Is Now the Best Time to Get Rid of Your Ombudsman?

Journalists and political pundits took to Twitter on May 31 when HuffPost broke the news that The New York Times will no longer have the position of public editor on its payroll.

“The public editor position, created in the aftermath of a grave journalistic scandal, played a crucial part in rebuilding our readers’ trusts by acting as our in-house watchdog,” Arthur Sulzberger, the Times’ publisher, wrote in a memo obtained by HuffPost. “We welcomed that criticism, even when it stung.

“But today, our followers on social media and our readers across the Internet have come together to collectively serve as a modern watchdog, more vigilant and forceful than one person could ever be,” the memo continued. “Our responsibility is to empower all of those watchdogs, and to listen to them, rather than to channel their voice through a single office.”

The ombudsman is a position seen less and less in modern newsrooms. Politico reported in 2015 that there are “only a handful” of ombudsmen that are still on news organizations’ payrolls.

According to the Organization of News Ombudsmen, “A news ombudsman receives and investigates complaints from newspaper readers or listeners or viewers of radio television stations about accuracy, fairness, balance and good taste in news coverage.”

Each ombudsman has his or her own method, but the position’s ultimate goal is to make sure that the news organization is staying true to its mission. Ombudsman also can have a different name depending on the news organization: public editor, public eye (as CBS calls it) or, as CNN dubbed it, the executive vice president of news standards and practices.

Financial issues are usually cited when eliminating the ombudsman position. Margaret Sullivan, Washington Post’s media reporter and a former Times public editor, attributed it to just that when the Times’ news broke.

Journalists were critical of the Times’ decision to cut the position, especially with trust in media at an all-time low.

This thread from Jeff Guo, media reporter for Vox, summarizes a lot of the criticism seen on Twitter.

According to Gallup, only 32 percent of Americans say they have “a great deal” or “fair amount” of trust in the media.

That media distrust has been partially inflamed by President Donald Trump, who has expressed his negative feelings for the “mainstream media,” specifically for the Times, on multiple occasions.

“The New York Times has been a frequent focus of the president, receiving about 30 negative mentions on Twitter in 100 days,” the Times reported in April.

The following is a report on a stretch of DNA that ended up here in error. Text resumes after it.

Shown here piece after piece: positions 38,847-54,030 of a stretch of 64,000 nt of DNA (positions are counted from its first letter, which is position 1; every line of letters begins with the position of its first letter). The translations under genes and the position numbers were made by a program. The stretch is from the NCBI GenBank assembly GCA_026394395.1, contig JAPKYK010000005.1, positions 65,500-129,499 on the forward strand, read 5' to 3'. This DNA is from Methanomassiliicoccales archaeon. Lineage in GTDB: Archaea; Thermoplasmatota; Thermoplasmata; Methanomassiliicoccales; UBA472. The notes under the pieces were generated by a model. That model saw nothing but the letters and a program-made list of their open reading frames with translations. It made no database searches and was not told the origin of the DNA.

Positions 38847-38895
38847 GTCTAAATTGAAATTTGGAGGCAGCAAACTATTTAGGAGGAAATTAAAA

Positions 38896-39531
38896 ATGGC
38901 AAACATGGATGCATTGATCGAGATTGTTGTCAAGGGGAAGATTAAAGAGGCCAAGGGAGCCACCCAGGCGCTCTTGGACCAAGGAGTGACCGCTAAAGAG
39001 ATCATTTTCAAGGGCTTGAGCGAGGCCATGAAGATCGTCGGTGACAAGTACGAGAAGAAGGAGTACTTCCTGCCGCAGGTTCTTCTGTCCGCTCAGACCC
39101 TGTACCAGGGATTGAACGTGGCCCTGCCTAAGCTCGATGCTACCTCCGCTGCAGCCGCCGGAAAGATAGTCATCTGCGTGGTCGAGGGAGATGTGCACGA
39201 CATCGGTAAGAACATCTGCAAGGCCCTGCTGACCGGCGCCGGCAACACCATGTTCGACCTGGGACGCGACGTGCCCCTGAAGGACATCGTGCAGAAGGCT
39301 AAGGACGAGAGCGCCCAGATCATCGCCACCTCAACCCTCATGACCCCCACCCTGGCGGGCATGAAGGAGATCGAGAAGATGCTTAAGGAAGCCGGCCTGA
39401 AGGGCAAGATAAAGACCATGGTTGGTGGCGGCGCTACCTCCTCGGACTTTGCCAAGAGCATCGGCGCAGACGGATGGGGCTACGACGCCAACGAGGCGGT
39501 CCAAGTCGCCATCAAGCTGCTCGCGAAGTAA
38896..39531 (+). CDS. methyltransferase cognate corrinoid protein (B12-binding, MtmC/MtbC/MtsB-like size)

Liz Spayd wrote her last column as the public editor for The New York Times on June 2. She expressed concern about what the lack of a public editor means for politics and news organizations.

“I don’t worry that The Times, or The Washington Post or others with the most resources will fail to pursue ripe investigative targets,” she wrote. “And I hope they do. But in their effort to hold Trump accountable, will they play their hands wisely and fairly? Or will they make reckless decisions and draw premature conclusions?

“And who will be watching, on this subject or anything else, if they don’t acquit themselves well? At The Times, it won’t be the public editor.”

Washington Post Media Critic Erik Wemple played devil’s advocate in an article explaining why TV outlets need public editors but the Times does not.

“The sort of institution that had a public editor to begin with is the sort of institution that may well not need one,” wrote Wemple. “An organization that pays someone to analyze the credibility and accuracy of their news coverage is probably more open to admitting mistakes and welcoming criticism.”

Fox News and MSNBC, in general, are both criticized for their political leanings, and neither have an ombudsman. President Trump praises the former for its coverage while attacking the latter, typically in tweet form.

Patrick Pexton, the Washington Post’s last ombudsmen, interviewed Marty Baron, the Post’s executive director, on his decision to get rid of the position.

“There is ample criticism of our performance from outside sources, entirely independent of the newsroom, and we don’t pay their salaries,” said Baron.

News organizations have to navigate how they plan to maintain the trust of the public for democracy’s sake while deciding how to allocate dwindling resources. This balancing act leaves the fate of the ombudsman position up in the air.

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